What are the different types of storage in Azure?

There are several storage options available in Azure, each with its own set of features and benefits. Some of the most common types of storage in Azure include:

Blob storage:

Blob storage is ideal for storing unstructured data such as photos, videos, documents, and data files. Azure Blob storage is designed to store any amount of data at any level of security, so organizations can use it to meet compliance requirements. Azure Blob storage also offers built-in caching via Azure CDN for high-performance applications.

Table storage:

Azure Table storage enables users to store massive amounts of structured NoSQL data in the cloud without having the need to manage any infrastructure or schema. Organizations can use Azure table storage as a key/value pair structured store with support for Hadoop distributed jobs. Azure table storage is ideal for scenarios that require large volumes of structured, non-relational data or semi-structured data.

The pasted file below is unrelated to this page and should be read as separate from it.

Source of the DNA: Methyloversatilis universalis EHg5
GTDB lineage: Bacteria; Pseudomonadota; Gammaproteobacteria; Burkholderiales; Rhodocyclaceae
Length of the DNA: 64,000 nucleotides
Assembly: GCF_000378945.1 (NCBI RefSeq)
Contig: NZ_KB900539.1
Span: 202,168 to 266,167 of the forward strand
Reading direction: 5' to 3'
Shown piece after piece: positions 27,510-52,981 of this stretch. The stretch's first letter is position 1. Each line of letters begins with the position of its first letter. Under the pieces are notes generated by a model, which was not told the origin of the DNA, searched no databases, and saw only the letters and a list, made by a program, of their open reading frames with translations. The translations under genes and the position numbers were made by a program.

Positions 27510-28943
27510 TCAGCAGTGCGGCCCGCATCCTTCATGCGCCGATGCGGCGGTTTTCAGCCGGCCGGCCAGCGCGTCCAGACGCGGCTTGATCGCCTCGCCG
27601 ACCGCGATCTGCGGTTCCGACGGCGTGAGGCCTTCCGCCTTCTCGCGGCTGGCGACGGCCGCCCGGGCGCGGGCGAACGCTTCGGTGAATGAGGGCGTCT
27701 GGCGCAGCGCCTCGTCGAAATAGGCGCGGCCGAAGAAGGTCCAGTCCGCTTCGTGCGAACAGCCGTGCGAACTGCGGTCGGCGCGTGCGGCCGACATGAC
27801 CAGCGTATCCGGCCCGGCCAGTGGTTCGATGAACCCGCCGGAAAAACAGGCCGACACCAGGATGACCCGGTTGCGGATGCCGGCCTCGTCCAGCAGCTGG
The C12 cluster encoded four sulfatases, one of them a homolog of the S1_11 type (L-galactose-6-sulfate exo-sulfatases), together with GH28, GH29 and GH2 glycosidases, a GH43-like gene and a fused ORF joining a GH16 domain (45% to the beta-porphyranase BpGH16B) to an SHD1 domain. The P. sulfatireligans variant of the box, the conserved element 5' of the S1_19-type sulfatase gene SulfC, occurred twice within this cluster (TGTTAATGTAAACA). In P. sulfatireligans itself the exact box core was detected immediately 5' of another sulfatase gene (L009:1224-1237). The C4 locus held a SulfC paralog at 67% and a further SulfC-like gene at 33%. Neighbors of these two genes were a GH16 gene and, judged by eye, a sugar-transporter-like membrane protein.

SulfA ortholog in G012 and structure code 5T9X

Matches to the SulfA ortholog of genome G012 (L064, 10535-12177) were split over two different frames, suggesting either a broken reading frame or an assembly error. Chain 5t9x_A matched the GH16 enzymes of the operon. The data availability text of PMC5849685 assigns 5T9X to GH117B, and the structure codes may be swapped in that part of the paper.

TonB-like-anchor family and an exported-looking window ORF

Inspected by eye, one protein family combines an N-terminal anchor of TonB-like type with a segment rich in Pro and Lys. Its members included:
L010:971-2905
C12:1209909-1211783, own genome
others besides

Queue storage:

Queue storage provides a reliable messaging system between Azure applications. Azure Queue storage allows for reliable communication between Azure components, services, or applications within Azure or on-premises systems. It also enables Azure cloud solutions to communicate with Azure virtual machines and on-premises servers using HTTPS endpoints.

File storage:

Azure file storage offers users the ability to create shareable files that are stored in Azure Blob service containers. Users can set access permissions on these files, as well as specify which users have read/write access to each container.

Disk storage:

Azure disk storage is an extension of Azure Blob storage, providing organizations with highly available enterprise-grade disks that are provisioned through a REST API call. Organizations can use disks as low-cost local infrastructure for Azure applications, or as a durable and scalable Azure storage solution. Azure disk storage can also be used to store data offline, making it an ideal solution for archival or disaster recovery purposes.
By Travis Mann

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